Today’s Thought: Do you realize how much God misses you?
But while he was still far off, his father saw him and was filled with compassion; he ran and put his arms around him and kissed him…. “[L]et us eat and celebrate; for this son of mine was dead and is alive again; he was lost and is found!’ (Luke 15:20, 23-24)
In Chapter 15, Luke records not one, but three parables told by Jesus in an attempt to convey just how very much we are loved by the Father. While most of us are familiar with the story of the prodigal son, we may not be nearly as acquainted with the two immediately preceding stories: the lost sheep and the lost coin. Taken together, these parables form an image of God whose love for us is almost beyond comprehension.
In more than one instance, Luke records the parables of Jesus in parallel form: Two parables will have the same structure and message, but one will be from a male perspective while the other is from a female perspective. Such is the case with The Parable of the Lost Sheep and The Parable of the Lost Coin. [Interesting side note: Women are mentioned more often in Luke than any other gospel, and Luke gives women much more significant roles.]
I’ve placed the two parables side-by-side below. Check out the similarities.
|The Lost Sheep||The Lost Coin|
|“Which one of you, having a hundred sheep and losing one of them, does not leave the ninety-nine in the wilderness and go after the one that is lost until he finds it?” v4
When he has found it, he lays it on his shoulders and rejoices. v5
He calls together his friends and neighbors… “Rejoice with me, for I have found my sheep that was lost.” v6
[Jesus concludes,] “Just so, I tell you, there will be more joy in heaven over one sinner who repents than over ninety-nine righteous persons who need no repentance.” v7
|“Or what woman having ten silver coins, if she loses one of them, does not light a lamp, sweep the house, and search carefully until she finds it?” v8
When she has found it… v9
…she calls together her friends and neighbors… “Rejoice with me, for I have found my coin that was lost.” v9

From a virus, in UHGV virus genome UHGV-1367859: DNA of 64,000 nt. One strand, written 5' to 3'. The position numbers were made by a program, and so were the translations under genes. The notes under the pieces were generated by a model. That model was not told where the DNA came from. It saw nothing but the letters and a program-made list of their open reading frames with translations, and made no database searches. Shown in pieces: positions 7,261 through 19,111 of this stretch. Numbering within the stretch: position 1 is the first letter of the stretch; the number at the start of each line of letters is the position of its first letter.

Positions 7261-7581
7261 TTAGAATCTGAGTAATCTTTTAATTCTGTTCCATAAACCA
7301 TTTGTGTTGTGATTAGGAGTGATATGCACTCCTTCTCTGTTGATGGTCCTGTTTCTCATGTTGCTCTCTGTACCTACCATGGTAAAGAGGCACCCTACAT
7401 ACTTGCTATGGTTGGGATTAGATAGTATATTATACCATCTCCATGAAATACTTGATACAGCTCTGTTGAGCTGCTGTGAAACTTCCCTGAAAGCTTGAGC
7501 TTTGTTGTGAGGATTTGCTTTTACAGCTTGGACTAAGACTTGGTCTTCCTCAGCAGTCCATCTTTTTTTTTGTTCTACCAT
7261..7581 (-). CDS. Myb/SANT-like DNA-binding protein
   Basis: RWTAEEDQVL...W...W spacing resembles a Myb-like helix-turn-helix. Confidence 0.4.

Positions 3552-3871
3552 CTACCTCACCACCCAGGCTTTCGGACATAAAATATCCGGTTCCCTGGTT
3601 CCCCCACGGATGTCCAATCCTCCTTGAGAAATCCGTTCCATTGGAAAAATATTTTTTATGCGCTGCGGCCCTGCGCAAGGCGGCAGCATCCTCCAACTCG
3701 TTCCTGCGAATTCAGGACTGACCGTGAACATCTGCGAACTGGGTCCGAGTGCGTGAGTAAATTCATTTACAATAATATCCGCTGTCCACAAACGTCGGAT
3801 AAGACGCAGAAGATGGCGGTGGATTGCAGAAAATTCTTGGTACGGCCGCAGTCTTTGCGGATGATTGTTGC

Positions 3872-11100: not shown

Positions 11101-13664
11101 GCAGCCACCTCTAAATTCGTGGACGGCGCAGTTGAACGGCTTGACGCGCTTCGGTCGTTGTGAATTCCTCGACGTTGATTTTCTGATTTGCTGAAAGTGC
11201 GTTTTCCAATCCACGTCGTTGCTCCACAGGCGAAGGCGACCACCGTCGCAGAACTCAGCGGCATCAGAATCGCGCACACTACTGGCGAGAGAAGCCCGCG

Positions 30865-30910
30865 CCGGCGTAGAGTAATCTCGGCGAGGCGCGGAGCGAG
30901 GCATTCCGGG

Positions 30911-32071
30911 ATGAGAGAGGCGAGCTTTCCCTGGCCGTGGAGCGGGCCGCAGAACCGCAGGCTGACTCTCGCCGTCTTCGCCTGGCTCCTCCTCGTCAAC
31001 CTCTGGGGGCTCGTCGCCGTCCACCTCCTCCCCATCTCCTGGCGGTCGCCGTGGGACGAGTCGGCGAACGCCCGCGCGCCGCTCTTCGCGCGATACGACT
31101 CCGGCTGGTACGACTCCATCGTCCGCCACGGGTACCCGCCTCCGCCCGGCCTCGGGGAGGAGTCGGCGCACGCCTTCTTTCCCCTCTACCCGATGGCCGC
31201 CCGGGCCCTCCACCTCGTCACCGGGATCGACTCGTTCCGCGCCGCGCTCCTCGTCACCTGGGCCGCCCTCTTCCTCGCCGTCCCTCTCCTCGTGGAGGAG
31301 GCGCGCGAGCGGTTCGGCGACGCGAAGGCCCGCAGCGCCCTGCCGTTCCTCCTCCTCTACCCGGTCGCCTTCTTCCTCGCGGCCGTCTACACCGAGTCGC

[Jesus concludes,] “Just so, I tell you, there is joy before the angels of God over one sinner who repents.” v10
The audience here is important to note: Jesus tells both of these parables, as well as the parable of the prodigal son (another about the lost and found), to a crowd of tax collectors, sinners, Pharisees, and scribes. The latter two groups are questioning why Jesus would associate with sinners. This was a society where it was important to keep yourself “clean” and hanging out with tax collectors and sinners wasn’t the way to do that. Jesus responds by telling the parables.
In both instances, there is a loss of one out of many—a seemingly insignificant loss from the perspective of some, similar to how the Pharisees seem to believe certain parts of humanity can just be written off. Who will miss them anyway? Jesus says that all are important to the Father; the one is just as important as the larger collective group, and he will never give up looking for the one no matter how many are currently in the fold. God is so excited to find every last one of us that he calls for a celebration (and asks the rest of us to join him) whenever the lost are found.
And, like the father of the prodigal son, God watches for us and has compassion for us even when we are still far off. God sees us because he never stopped looking for us. God runs to us with the love of a parent whose child has been long absent… a child who has been missing from home and table… a child who has finally returned. Rejoice with me!
Tuesday’s Truth: “[God] never departs from us, but yet, only with difficulties do we return to [God].” ― Saint Augustine, Confessions